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Second officer dies after shooting near Russian security services' HQ in Moscow

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Russian police officers secure the area near the building of the Federal Security Service (FSB, Soviet KGB successor) in the background in Moscow, Russia, Thursday, Dec. 19
Russian police officers secure the area near the building of the Federal Security Service (FSB, Soviet KGB successor) in the background in Moscow, Russia, Thursday, Dec. 19   -   Copyright  AP Photo/Ilya Varlamov
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A second FSB officer has died after an attack on the Russian security service's headquarters in Moscow on Thursday.

He was taken to hospital yesterday in a critical condition where he died, authorities said.

It came as the Investigative Committee, the nation's top state investigative agency, identified the attacker as 39-year-old Yevgeny Manyurov, who lived in Moscow's suburbs. He was killed by police during the attack.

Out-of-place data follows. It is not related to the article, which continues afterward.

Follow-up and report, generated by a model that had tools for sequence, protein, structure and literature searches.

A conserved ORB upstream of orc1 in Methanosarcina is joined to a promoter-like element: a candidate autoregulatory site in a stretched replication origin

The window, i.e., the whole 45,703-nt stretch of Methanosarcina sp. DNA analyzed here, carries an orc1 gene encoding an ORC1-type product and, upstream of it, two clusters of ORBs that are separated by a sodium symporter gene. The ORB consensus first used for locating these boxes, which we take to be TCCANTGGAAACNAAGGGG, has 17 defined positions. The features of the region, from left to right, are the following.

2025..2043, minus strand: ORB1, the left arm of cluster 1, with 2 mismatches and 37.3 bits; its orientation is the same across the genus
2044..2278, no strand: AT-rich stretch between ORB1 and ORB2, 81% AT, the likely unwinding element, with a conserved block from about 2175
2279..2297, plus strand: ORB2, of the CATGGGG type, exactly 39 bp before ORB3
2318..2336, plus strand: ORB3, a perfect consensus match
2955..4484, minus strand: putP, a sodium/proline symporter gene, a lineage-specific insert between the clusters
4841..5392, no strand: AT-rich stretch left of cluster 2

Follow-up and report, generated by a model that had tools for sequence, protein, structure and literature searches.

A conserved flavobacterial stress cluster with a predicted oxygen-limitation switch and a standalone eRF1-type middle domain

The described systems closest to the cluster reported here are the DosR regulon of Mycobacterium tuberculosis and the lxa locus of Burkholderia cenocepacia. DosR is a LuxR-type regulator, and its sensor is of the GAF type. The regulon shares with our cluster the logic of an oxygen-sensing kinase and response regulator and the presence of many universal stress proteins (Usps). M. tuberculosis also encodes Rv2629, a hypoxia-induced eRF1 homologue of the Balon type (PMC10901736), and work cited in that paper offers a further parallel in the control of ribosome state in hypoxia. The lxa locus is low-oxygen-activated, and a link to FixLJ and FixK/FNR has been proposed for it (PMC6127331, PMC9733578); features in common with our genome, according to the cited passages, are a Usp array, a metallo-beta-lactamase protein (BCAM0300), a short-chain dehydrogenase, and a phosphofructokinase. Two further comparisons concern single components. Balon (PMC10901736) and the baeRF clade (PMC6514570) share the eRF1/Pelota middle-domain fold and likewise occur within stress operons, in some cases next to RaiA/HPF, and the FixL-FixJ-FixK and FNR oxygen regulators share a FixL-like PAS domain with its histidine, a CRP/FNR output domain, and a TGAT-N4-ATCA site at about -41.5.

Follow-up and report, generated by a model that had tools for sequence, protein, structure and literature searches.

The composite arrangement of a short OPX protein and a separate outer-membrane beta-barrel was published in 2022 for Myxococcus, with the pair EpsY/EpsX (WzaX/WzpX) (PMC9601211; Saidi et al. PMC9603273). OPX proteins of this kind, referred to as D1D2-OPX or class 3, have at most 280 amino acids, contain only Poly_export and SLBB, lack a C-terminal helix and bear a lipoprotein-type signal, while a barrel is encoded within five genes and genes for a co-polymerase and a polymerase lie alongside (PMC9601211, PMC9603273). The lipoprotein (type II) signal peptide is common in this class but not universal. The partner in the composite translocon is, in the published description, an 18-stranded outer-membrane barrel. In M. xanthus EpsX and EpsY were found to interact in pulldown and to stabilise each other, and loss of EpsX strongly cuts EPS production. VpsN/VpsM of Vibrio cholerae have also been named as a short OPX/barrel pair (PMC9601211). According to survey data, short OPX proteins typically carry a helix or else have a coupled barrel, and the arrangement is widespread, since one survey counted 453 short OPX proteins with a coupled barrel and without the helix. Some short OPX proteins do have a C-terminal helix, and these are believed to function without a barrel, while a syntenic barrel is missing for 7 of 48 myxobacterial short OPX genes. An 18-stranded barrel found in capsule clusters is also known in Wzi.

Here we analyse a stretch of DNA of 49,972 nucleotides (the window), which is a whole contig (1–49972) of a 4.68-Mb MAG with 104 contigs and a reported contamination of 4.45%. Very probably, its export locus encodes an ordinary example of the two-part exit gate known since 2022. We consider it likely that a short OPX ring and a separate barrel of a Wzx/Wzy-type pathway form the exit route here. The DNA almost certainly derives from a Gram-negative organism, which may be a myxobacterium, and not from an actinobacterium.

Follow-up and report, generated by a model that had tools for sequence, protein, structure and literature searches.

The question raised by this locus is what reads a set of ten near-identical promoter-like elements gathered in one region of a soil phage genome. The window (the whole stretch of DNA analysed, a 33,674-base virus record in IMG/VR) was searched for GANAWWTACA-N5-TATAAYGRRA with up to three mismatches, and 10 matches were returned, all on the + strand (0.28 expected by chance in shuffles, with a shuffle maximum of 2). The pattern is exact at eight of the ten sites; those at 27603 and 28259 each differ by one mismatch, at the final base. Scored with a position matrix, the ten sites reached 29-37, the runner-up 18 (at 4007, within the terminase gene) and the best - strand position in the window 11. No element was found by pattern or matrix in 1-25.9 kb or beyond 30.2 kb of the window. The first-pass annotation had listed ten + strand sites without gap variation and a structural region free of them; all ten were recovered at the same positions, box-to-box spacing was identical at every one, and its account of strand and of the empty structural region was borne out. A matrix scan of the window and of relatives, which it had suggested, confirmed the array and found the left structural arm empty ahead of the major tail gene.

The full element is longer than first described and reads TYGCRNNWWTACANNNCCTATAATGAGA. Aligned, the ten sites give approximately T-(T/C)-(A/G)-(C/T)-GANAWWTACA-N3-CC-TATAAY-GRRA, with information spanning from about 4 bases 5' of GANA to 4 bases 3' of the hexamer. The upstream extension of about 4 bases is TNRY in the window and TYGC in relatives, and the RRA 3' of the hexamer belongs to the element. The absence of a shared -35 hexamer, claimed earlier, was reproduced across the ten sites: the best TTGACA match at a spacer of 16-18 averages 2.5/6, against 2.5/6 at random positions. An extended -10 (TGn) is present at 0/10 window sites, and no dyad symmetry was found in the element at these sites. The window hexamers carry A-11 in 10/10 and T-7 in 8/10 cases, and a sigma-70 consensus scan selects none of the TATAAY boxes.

Five others were wounded in the incident, which happened a short distance from where Russian president Vladimir Putin was addressing security personnel on Thursday evening.

The Federal Security Service, or FSB, said the assailant was acting alone and didn't enter its building.

On the scene in Moscow, Euronews correspondent Galina Polonskaya said: "We know that the FSB said that it has neutralised this person.

"It was near the headquarters of the FSB, sometime after the end of the annual press conference of the Russian president."

Polonskaya said that the attacker was using a Kalashnikov assault rifle.

The mayor of Moscow, Sergueï Sobianine, has said that the injured were receiving "all necessary care" in hospital.

Putin's spokesman, Dmitry Peskov, said the president had been informed of the shooting that came shortly after the Russian leader's annual news conference.

Putin was making a speech at a Kremlin concert for FSB and other Russian security personnel around the time of the attack.

In a speech marking the date the Soviet secret police was founded, Putin hailed its officers for their efforts in combating terrorism and organized crime.

"Russia is not really keen to even acknowledge that there are terrorist attacks in Russia, particularly in the capital," Polonskaya said.

December 19, known as Security Services Day, is a national holiday in Russia. Earlier, Putin gave a four-hour press conference in the Russian capital.